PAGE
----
While repairing her machinery at Adak, Alaska, 23 November, Gleaves received word that steamer Adabelle Lyke, in the Pacific was suffering from a smallpox epidemic. The veteran "can do" destroyer put to sea at top speed from Adak on 25 November with the vital vaccine. She met the stricken steamer next day and transferred the life-saving supplies.

Her duty in the North Pacific terminated, Gleaves transported 300 veterans from the Aleutian Islands to Seattle, Washington, on "Magic-Carpet" duty, arriving 10 December 1946. She then moved to San Francisco and on 2 January 1946 departed for Charleston, South Carolina At Charleston, where she arrived 18 January 1946, Gleaves decommissioned 8 May 1946, and was placed in reserve at Philadelphia, Pennsylvania She was later moved to the Reserve Fleet at Orange, Texas, where she remained through 1967. Gleaves was stricken from the naval register on 1 November 1969 and sold 29 June 1972 and broken up for scrap.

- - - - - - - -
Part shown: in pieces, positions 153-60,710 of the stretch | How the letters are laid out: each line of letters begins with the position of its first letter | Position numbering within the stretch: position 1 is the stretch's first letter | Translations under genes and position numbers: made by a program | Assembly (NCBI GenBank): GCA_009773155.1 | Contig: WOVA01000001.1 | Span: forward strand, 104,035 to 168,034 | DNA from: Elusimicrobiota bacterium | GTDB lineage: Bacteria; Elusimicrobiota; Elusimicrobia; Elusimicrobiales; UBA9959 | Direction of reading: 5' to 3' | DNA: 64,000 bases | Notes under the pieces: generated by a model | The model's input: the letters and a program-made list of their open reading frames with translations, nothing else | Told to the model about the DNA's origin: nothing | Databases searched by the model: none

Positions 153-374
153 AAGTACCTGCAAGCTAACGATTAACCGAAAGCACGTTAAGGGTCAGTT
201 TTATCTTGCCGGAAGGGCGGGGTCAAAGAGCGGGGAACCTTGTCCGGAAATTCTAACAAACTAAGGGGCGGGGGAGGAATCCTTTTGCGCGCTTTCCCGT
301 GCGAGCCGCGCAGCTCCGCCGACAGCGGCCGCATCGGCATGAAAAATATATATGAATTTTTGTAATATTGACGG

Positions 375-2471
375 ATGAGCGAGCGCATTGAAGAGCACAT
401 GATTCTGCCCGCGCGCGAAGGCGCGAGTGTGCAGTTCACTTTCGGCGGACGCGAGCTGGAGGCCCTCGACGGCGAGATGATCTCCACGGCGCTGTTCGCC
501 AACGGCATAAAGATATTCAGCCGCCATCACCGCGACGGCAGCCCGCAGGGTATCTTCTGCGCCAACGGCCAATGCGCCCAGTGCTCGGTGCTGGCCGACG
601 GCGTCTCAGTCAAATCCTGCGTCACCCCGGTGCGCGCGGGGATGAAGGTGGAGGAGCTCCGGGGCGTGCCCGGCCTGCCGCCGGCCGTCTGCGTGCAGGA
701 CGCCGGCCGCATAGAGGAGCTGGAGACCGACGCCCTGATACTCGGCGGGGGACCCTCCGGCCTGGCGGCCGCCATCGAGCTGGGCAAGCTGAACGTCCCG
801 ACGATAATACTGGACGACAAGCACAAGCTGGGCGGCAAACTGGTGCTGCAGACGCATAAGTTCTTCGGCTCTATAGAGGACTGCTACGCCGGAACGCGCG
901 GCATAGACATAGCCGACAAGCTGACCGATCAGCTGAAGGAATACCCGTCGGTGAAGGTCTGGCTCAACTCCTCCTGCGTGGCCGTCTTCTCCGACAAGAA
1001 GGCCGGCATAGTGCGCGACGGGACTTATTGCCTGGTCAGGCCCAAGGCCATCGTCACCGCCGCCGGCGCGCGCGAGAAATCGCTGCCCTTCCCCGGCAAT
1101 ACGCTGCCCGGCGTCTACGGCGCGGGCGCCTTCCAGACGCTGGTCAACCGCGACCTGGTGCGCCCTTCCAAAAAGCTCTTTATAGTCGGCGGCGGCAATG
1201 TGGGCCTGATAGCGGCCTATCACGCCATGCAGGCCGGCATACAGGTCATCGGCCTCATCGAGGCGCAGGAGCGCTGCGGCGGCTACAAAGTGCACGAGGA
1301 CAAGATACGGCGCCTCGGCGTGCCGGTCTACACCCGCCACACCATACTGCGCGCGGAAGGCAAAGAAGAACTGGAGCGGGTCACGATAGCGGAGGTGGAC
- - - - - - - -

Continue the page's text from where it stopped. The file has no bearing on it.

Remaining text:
Gleaves received five battle stars for World War II service.

In popular culture

Gleaves is mentioned in a song "Wolfpack" by Swedish power metal band Sabaton.The theme of the song is the attack of the wolf pack Hecht on the convoy ONS-92.


This article incorporates text from the public domain Dictionary of American Naval Fighting Ships. The entry can be found here.

  1. Morison, Samuel Eliot (1975). The Battle of the Atlantic September 1939-May 1943. Little, Brown and Company. pp. 74–79. 
  2. 2.0 2.1 2.2 2.3 2.4 2.5 "ON convoys". Andrew Hague Convoy Database. Retrieved 2011-06-19. 
  3. 3.0 3.1 3.2 3.3 3.4 "HX convoys". Andrew Hague Convoy Database. Retrieved 2011-06-19. 
  4. "AT convoys". Andrew Hague Convoy Database. Retrieved 2011-06-20.